A vegetarian version of this spicy, steamed tomato rice, inspired by travels to West Africa.
You didn’t think that the West African Spicy Peanut Shrimp was going to be my only Ghanian-inspired recipe this year, did you? It is, after all, turning out to be the year of global recipes.
What is Jollof Rice?
Jollof Rice is a lovely one-pot rice dish that’s popular in West Africa. Each country – specifically Nigeria and Ghana – has its own versions of Jollof. This one is a spin of the traditional Ghanaian version, you know, considering it’s what I’ve had and all.
P.S. Head to the Spicy Peanut Shrimp recipe to read more about my time in Ghana!
Traditionally it’s made with some sort of meat cooked down first. Obviously, the meat is left out of this vegetarian version, but if you wanted to add meat you absolutely could. Then the rice simmers and steams up with a rich, flavorful mix of onion, tomatoes, and spices.
While it’s popular at many celebrations and ceremonies, I often enjoyed it along side chicken as an everyday meal in Ghana. Since I don’t really eat much meat nowadays, I have some other ways I like to enjoy it. More on that later…
How to Make Jollof Rice
I consider Jollof Rice to be one of the special recipes made on Sunday afternoon that’s later enjoyed by the whole family, laughing around the table as one week comes to an end and another begins.
It’s a dish that while, it doesn’t require a lot of effort, it does require time.
Time for the onions to sweat out their liquid. Then time for the tomatoes to reduce down into a thick, rich paste. Time for the rice to steam up all the flavors. Time for spices to meld and perfection to happen.
The beauty of it all though, is that it all happens in ONE pot.
The onions get blended, and then cooked down in the pot.
Tomatoes, chilis (scotch bonnet peppers are used in Ghana – but hard to find around Minnesota!), garlic, ginger, and tomato paste then all get blended together too. In the pot they go, to cook down, along with thyme, curry powder, salt, and pepper. They cook down long enough that a thick, rich red paste forms.
Now you’re ready to add the basmati rice (which is part of what makes this version specific to Ghana). Add in water or vegetable stock, cover, and let the rice steam away, soaking up ALL that flavor.
What to Serve with Jollof Rice
You can say “when in Ghana” and serve it along side fried fish, chicken, or beef (again, as discussed, if that’s your thing), or mixed vegetables.
I often like to add spinach to it if I’m reheating it for lunches, and throw an avocado on top (this is absolutely my own twist…).
If I’m serving it for dinner, I do love some simple grilled shrimp alongside the rice. Because the rice has so much flavor and a good kick of spice, you don’t want the side to be equally spicy/flavorful, so something more mild is the perfect balance.
If you make Vegetarian Jollof Rice at home, snap a photo and tag me on Instagram (or Facebook, or via email!). I LOVE to see what’s cooking in YOUR kitchens!Print
Bring the flavors of Ghana to your kitchen with this vegetarian (and technically vegan) version of Jollof Rice – spicy, steamed tomato rice, inspired by travels to West Africa.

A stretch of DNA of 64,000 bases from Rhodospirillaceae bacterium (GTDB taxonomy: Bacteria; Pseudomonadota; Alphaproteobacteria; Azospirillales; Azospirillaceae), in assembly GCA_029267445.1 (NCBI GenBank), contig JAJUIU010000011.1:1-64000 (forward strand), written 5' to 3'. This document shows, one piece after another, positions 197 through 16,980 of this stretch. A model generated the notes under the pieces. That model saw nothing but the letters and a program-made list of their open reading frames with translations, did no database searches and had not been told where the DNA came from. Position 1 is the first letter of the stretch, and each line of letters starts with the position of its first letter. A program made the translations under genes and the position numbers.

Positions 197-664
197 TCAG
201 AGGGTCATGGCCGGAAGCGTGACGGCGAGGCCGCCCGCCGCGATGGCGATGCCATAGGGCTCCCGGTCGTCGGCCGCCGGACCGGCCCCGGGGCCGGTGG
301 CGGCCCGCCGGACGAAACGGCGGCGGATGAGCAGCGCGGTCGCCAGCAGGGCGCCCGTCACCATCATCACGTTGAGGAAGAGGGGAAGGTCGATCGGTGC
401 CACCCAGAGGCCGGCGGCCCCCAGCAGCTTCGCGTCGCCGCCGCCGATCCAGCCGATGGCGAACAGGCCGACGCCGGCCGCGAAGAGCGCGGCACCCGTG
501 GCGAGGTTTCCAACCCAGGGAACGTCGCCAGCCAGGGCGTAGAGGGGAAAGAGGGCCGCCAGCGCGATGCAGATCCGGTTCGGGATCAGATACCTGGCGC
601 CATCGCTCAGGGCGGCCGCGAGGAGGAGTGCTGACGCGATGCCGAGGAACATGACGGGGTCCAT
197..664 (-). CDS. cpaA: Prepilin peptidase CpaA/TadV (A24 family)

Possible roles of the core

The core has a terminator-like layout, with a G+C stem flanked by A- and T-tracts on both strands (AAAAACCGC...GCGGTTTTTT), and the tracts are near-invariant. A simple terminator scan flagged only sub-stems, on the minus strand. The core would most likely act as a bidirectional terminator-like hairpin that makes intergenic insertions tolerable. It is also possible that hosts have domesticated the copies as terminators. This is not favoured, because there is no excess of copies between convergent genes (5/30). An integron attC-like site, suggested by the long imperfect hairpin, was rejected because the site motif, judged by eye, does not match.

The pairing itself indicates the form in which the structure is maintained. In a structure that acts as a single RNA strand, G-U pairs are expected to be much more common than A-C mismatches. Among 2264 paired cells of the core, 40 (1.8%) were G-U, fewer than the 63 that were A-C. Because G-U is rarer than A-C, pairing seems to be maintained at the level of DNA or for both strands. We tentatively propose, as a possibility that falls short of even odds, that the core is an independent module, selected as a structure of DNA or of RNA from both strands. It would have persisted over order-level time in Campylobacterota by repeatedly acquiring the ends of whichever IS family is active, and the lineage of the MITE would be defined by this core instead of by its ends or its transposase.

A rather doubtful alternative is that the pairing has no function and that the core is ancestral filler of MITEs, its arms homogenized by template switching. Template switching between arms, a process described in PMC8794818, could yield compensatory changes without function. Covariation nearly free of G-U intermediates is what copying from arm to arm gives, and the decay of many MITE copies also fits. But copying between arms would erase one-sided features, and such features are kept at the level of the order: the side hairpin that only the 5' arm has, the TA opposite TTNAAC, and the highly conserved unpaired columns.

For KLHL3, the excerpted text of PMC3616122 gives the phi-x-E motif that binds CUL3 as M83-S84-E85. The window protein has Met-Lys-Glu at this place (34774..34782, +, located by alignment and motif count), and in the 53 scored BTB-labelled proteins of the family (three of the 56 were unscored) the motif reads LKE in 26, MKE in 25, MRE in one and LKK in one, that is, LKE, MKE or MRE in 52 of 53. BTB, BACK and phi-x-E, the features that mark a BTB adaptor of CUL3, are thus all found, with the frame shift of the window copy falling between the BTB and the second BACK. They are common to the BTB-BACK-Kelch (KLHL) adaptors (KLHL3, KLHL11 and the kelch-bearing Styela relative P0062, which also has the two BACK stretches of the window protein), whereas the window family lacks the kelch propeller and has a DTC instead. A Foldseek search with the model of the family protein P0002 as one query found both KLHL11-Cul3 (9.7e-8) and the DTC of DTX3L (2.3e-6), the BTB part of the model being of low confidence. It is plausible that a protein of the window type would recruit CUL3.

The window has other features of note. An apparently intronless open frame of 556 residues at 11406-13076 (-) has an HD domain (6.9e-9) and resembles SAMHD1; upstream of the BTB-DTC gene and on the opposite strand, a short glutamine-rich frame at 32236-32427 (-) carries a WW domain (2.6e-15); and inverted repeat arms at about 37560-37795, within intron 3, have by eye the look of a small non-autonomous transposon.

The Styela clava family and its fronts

- 2 TBSP vegetable oil (or oil of choice)
- 1 medium yellow onion, roughly chopped
- 3–4 garlic cloves
- 1–2 Thai chilis (optional: seeds removed)
- 1 1/2 inch piece ginger, peel removed
- 1 14-oz. can diced tomatoes
- 3 TBSP tomato paste
- ~2 tsp kosher salt total, or to taste
- 1 teaspoon dried thyme
- 1 tsp curry powder
- 1/2 tsp freshly ground black pepper
- 1 1/4 cup basmati rice
- 2 1/2 cups water or vegetable stock
- In a large dutch oven or stock pot, heat oil over medium heat. Puree onion in a blender until smooth, and add to heated oil. Let simmer to reduce down and release all the liquid. I like to add a pinch of the salt here, to continue layering in the flavor. It will cook for about 8-10 minutes total until “paste-like”. Stir occasionally – some browning is ok!
- As the onion cooks down, add the garlic, chilis, ginger, diced tomatoes, and tomato paste to the blender. Puree until smooth. Once the onion puree has cooked down, add the tomato mixture along with the remaining dry spices (salt, thyme, curry powder, black pepper). Stir to combine and continue to let cook down for 25-30 minutes, stirring occasionally, until it’s thick and a deep red color.
- Add the rice and stir to coat with the tomato mixture. Pour in the water or stock, stir to combine. Cover and let simmer for 30-40 minutes until rice is cooked through. You’ll want to stir it 1-2 times during the cooking process, but not too much so the rice continues to steam. If needed, add an additional 1/4-1/2 cup liquid if most is absorbed but rice is still firm.
- Once cooked through, serve alongside vegetables or a protein of choice. Store leftovers in an airtight container in the fridge.
If you love spice, leave the seeds in the chilis before pureeing them; if you want it a little less spicy, go ahead and remove the seeds before pureeing. I usually remove the seeds of one chili and it ends up with a good kick – just depends on your taste buds and the peppers themselves!
- Category: Side
- Method: Stovetop
- Cuisine: Ghanian
Keywords: vegetarian, ghana, one pot, travel, vegan, african